Homer Electric Association sues over its largest ever instance of power theft
Homer Electric Association is suing a Sterling man for stealing what it said is more than $325,500 in power over seven years — the co-op’s biggest reported instance of electricity theft to date.
The lawsuit, filed today in Homer District Court, alleges Sterling resident Max Finch used a wiretap for years to avoid paying for energy for his business, Alaska Canoe and Campground. Finch said he didn’t know about the wiretap or the stolen electricity and that it was the doings of a previous property manager.
It’s the second time HEA has discovered the Sterling Highway campground and RV park stealing power.
“We’re generally not comfortable with anyone diverting energy because what they’re really doing — they’re not just taking from HEA, they’re taking from all of our members," said Keriann Baker, HEA's director of member relations. "Because those costs are being passed onto all of us as a collective, as a cooperative.”
Baker said linemen discovered the tap this fall when they went to investigate why a meter display had failed — something that in itself is routine.
But while they were at the property, they found evidence of tampering and later discovered what looked like a man-made hole in the ground by an electric transformer pole. Underground, they found two wires that were clamped onto a service line, according to the complaint.
When the linemen asked him about the wires, Finch told them an electrician he hired had put them there.
Linemen tried to investigate further a week later. But they couldn’t, the suit said, because Finch’s truck was right over the spot where they found the tampering. Finch, for his part, said it wasn’t his truck and he was out of the country at the time.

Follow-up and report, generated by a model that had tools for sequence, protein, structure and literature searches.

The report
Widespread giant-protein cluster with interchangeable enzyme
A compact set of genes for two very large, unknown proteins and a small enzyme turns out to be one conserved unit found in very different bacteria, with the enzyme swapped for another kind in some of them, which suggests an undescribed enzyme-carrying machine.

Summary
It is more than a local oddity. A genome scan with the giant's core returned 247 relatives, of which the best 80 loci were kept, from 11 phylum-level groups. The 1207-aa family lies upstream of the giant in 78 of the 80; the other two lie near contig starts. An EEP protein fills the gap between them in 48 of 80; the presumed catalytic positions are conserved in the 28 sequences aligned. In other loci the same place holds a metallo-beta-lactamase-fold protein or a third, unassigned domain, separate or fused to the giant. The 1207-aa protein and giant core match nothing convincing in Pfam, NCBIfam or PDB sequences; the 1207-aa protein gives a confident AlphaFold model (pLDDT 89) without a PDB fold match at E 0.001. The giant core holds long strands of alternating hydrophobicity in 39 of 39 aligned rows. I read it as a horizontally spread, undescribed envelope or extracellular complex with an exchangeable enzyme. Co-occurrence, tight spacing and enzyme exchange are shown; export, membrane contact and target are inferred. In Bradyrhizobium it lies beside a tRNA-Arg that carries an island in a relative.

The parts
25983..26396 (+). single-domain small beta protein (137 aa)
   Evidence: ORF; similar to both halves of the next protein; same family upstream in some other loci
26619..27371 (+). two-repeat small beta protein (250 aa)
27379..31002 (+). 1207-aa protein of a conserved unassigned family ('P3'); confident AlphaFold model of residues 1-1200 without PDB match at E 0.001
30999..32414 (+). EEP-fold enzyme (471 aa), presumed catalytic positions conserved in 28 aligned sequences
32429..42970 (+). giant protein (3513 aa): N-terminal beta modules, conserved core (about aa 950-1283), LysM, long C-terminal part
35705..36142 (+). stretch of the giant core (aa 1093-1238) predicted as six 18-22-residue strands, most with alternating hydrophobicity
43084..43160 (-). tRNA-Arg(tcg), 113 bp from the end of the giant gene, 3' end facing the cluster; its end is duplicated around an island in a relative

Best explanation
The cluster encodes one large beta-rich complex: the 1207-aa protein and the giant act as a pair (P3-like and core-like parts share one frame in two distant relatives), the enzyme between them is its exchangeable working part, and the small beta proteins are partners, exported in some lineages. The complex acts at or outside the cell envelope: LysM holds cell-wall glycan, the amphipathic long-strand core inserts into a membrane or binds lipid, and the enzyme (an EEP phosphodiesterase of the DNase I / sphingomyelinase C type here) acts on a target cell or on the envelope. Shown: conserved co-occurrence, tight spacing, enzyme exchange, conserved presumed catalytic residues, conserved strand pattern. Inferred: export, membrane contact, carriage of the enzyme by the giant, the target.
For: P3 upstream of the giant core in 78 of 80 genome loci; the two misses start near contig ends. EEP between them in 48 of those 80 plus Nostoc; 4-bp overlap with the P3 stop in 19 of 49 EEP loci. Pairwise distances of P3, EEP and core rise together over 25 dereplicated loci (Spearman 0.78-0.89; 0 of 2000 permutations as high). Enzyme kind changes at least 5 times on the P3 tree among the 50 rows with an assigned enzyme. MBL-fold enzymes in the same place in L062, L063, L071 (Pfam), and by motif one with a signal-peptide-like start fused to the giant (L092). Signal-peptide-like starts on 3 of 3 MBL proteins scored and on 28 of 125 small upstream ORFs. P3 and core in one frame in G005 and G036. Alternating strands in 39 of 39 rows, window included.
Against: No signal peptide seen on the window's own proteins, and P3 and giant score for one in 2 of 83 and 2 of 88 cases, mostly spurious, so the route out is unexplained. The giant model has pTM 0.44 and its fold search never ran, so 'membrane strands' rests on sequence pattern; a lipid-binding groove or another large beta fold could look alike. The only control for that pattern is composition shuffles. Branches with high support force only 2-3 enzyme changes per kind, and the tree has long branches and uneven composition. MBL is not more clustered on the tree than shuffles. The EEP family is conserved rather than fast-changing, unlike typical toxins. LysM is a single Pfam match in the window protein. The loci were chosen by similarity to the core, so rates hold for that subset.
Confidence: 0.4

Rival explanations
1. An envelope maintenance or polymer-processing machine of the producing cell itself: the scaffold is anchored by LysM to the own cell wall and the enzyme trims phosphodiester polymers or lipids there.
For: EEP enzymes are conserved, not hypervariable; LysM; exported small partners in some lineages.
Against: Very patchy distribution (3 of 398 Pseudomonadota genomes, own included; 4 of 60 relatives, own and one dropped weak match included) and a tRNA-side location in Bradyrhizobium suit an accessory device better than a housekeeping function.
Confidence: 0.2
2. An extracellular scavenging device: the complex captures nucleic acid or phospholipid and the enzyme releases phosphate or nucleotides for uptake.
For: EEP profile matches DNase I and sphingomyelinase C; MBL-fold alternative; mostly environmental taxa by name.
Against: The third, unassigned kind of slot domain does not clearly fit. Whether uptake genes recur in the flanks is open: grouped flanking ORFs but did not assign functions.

When the linemen returned, the truck had been moved. When they investigated, they found a service line had been tapped to divert electric current from the meter to another location on the property. They immediately removed the tampered wires and de-energized the meter, according to the lawsuit.
Homer Electric said Finch started diverting electricity in November 2014, bringing the total power taken from the co-op without payment to at least $325,543. The co-op estimates an additional $9,992 in damages to property.
Finch said the rewiring was put in by a previous manager of the property, who lived in Sterling and died in 2014. Finch said he managed the property and paid the bills while Finch was working away from home. He said the other manager probably tampered with the wires to save money.
"Any of the costs that were incurred from the business he had to pay for," Finch said. "And of course, the electrical was the biggest bill.”
But said he didn’t know about the diversion. And he said he genuinely did not know he was not paying what he was supposed to be paying to HEA, since there were so many bills for the property and variability in visitors staying there.
He said he wasn’t capable of doing that digging. And he said proof of that is he needed HEA’s help to fix an electrical issue.
"It was something that was bigger than me. I wasn't capable of doing that kind of project," he said. "I just left it to HEA to figure out, or I would’ve tried to cover my tracks somehow. But I didn’t do that.”
The suit said the truck parked over the site and the prior instance of tampering show that Finch is guilty.
In 2013, Homer Electric caught Alaska Canoe and Campground tampering with two meters, which led to three exploded transformers and resulted in damages of almost $38,751. Finch owed an additional $6,025 in lost energy payments.
He repaid both those costs and was reconnected later that year. He said the other manager was responsible for that tampering, too, but that he paid up because he was the property’s owner.
Baker said it's disappointing that Finch would tamper with the wires a second time after the co-op let him off on good standing in 2013. While the first instance was above ground, the second was harder to detect below ground.
“Our position is, you don’t just get wired tampered with six feet underground out of sight of anyone by accident," Baker said.
She said linemen are also concerned because someone could have gotten hurt from the tampered lines.
Homer Electric said it’s entitled to both the value of the damages and three times the value of the electricity that was stolen — close to $1 million, total.
Finch also has a Homer Electric meter at his house. But Baker said there’s no evidence at this time that he’s tampering with that one, as well.